A reserve catcher for 10 years, Tim Blackwell hit .228 with six home runs in 426 games. His career began in 1974 with the Boston Red Sox and concluded in 1983 with the Montreal Expos. Along the way he played for the Philadelphia Phillies and Chicago Cubs. He had one year as the Cubs’ starting catcher, playing in 103 games and hitting .272 with five home runs and 30 RBIs.
Jeff Terpko pitched in 48 big-league games for the Texas Rangers and Montreal Expos between 1974-1977. His first games came with Texas in 1974. He pitched in three contests that season, allowing one run in seven innings. He returned to the minors in 1975 but was back with the Rangers in 1976. He pitched in 32 games that year, going 3-3 with a 2.39 ERA. The Rangers dealt him to the Expos prior to the 1977 campaign and Terpko struggled. He pitched in 13 games as his ERA ballooned to 5.66 and he soon found himself back in the minors. He pitched for the Baltimore Orioles’ AAA team in 1978, which would be the end of his professional career.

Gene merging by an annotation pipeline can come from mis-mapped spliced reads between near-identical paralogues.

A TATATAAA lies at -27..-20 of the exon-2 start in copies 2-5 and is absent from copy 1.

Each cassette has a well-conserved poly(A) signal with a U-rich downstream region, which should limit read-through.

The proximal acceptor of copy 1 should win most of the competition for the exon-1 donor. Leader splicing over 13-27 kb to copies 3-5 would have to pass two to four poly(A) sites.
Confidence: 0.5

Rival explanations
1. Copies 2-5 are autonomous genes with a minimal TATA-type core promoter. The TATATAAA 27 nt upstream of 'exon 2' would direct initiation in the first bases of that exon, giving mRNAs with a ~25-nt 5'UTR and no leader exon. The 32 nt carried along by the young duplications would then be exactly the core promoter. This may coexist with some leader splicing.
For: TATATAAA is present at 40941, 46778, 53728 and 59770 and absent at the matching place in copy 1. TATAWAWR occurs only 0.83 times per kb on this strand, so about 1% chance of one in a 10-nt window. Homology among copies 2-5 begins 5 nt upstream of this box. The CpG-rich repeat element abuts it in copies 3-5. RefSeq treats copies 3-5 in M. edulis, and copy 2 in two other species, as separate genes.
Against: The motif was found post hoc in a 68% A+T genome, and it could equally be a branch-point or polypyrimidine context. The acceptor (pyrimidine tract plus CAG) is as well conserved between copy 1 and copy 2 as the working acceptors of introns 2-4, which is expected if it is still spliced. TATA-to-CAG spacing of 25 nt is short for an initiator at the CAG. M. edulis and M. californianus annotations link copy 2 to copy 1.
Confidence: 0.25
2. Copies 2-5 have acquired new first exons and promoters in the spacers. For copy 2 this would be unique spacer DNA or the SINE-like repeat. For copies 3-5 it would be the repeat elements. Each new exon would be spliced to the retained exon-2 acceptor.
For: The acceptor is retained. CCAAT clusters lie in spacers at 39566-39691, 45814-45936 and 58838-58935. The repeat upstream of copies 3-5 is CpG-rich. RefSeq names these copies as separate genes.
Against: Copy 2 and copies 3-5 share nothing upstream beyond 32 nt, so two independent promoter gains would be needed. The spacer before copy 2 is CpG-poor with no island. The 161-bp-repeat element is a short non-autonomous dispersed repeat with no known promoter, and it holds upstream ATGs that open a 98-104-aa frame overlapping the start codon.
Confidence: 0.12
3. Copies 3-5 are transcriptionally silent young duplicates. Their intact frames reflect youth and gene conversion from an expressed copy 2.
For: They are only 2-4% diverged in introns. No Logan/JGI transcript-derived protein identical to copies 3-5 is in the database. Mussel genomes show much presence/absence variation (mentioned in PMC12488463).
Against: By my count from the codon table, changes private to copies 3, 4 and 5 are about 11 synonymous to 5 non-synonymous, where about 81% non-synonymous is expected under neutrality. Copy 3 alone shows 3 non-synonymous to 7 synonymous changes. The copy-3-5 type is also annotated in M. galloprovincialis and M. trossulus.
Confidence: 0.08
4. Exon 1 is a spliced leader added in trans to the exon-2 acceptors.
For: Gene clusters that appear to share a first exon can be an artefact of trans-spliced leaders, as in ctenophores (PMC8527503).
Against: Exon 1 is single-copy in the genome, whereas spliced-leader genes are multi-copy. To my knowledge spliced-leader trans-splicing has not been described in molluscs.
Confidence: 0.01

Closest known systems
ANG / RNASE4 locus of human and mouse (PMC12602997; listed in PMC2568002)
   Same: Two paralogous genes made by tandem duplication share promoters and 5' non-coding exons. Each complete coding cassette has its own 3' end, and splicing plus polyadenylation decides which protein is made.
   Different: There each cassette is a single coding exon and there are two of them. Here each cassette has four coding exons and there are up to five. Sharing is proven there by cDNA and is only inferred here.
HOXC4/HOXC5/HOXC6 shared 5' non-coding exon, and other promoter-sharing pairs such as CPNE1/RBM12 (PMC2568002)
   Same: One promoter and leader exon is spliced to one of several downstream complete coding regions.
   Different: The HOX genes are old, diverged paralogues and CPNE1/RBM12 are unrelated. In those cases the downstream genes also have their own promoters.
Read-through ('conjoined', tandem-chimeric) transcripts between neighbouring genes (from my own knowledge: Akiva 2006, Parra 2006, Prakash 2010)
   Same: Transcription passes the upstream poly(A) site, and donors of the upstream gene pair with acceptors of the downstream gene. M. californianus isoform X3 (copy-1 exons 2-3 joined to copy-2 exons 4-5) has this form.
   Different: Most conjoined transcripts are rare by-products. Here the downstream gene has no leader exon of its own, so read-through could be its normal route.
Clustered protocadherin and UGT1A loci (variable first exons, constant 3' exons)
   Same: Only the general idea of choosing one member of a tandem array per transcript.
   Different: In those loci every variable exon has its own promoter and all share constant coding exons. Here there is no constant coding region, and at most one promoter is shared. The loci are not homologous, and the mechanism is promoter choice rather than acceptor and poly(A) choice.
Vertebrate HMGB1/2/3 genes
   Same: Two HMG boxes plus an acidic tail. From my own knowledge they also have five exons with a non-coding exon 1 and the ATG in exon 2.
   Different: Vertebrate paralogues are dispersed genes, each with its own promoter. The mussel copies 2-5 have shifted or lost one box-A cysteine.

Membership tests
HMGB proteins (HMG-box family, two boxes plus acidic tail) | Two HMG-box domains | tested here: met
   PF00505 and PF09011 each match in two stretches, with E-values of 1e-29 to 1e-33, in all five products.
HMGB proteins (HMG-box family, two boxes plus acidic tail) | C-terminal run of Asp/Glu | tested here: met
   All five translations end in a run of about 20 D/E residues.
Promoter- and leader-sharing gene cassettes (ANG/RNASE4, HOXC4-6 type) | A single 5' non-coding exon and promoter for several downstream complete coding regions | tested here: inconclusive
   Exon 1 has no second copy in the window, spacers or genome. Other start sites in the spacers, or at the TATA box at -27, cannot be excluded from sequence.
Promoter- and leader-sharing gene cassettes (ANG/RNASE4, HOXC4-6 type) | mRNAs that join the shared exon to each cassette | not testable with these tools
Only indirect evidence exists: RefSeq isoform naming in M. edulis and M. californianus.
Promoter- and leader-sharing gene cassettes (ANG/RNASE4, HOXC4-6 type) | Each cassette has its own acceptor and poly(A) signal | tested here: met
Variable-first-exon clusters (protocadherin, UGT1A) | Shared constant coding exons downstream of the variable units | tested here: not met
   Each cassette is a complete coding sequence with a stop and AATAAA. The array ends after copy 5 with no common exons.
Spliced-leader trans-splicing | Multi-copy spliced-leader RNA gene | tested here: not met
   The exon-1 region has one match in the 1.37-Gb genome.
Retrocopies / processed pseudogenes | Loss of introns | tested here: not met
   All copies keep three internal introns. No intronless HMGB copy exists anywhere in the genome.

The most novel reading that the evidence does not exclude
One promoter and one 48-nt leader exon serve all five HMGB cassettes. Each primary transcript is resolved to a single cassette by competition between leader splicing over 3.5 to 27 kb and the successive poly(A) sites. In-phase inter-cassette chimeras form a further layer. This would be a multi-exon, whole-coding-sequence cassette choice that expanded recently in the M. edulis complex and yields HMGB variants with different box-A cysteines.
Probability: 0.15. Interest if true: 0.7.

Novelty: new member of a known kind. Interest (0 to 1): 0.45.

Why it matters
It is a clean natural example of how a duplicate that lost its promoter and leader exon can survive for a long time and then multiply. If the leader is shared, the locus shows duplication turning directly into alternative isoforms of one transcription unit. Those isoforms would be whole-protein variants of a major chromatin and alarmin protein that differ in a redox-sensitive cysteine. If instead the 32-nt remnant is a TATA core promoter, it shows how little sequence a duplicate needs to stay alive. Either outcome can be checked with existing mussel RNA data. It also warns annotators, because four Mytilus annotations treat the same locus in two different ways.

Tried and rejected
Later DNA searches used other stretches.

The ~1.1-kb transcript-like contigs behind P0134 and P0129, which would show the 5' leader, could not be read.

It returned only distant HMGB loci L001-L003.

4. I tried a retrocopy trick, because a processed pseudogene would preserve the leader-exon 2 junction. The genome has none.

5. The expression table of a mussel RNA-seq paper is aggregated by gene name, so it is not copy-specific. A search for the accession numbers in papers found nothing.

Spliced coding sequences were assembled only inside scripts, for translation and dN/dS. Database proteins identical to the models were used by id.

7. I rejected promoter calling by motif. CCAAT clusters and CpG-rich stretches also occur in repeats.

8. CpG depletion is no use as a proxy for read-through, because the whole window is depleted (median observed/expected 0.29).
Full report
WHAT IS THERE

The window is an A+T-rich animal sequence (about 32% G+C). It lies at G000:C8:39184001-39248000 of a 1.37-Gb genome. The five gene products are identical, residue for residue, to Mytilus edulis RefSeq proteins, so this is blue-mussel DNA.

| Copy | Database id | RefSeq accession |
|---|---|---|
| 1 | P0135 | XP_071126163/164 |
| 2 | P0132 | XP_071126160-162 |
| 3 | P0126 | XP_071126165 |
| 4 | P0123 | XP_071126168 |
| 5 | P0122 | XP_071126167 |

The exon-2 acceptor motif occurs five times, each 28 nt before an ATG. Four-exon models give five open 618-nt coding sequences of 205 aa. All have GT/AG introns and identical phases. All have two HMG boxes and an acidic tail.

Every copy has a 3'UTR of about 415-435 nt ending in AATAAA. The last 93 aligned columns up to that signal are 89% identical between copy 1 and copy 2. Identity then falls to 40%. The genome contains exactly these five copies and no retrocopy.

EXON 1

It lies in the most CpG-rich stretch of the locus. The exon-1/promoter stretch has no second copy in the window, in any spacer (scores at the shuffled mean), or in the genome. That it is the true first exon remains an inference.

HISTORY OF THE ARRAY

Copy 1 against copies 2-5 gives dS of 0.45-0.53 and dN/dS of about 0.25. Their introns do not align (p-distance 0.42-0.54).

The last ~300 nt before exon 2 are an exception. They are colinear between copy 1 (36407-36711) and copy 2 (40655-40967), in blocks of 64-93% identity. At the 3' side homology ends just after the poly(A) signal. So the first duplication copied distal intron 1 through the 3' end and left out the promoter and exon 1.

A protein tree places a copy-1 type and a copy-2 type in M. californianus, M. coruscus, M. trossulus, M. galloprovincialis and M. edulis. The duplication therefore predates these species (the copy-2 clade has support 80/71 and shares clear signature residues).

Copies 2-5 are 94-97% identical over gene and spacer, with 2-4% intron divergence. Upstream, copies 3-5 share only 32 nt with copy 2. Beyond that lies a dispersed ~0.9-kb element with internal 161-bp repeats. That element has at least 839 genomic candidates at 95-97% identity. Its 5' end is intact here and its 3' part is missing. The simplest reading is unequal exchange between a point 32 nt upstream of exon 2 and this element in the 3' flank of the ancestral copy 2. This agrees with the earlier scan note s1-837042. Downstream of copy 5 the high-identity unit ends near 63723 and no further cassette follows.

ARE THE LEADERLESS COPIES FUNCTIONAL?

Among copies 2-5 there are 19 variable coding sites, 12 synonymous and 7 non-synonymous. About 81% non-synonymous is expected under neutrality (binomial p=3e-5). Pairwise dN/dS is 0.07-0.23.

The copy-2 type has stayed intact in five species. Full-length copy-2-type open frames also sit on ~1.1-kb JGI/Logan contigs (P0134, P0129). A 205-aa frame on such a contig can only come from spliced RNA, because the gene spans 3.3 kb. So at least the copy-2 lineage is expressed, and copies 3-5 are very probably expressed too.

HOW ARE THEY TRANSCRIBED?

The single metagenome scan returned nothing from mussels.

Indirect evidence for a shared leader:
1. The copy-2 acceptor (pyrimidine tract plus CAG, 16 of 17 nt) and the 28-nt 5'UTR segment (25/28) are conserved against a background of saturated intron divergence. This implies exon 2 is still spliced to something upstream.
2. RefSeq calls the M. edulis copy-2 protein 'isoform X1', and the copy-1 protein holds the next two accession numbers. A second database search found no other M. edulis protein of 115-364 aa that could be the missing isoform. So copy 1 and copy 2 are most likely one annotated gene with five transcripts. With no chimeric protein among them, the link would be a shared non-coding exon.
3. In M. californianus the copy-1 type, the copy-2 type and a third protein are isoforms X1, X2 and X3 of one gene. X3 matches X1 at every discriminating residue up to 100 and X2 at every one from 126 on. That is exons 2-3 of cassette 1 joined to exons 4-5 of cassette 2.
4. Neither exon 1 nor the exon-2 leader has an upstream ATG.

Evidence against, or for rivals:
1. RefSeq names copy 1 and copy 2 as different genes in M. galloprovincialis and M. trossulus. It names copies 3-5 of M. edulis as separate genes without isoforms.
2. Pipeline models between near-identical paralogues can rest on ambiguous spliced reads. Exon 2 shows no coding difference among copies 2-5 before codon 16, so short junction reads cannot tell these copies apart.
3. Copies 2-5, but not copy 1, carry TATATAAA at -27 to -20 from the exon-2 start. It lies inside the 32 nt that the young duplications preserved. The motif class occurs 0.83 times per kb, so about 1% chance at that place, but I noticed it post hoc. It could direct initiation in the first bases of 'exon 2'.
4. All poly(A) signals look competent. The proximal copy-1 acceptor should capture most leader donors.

Perhaps best known for giving up Hank Aaron’s 715th career home run, Al Downing enjoyed a long and successful career in the majors. He came up with the New York Yankees in 1961 and would go on to pitch for the next 17 years, compiling a 123-107 record. He led the American League in strikeouts with 217 while pitching for the Yankees in 1964. He was an all star for New York in 1967 as he went 14-10 with a 2.63 ERA. He was 20-9 with a 2.68 ERA for the Los Angeles Dodgers in 1971 and finished third in the National League Cy Young vote and 10th in the MVP tally while also earning the NL’s Comeback Player of the Year award. After giving up Aaron’s historic home run in 1974, he continued pitching for the Dodgers until 1977 when he retired at the age of 36. Downing pitched in three different World Series, two for the Yankees (1963 and 1964) and one for the Dodgers (1974). All three times, however, his team lost.
Our letter to Lee Richard was returned with a bad address.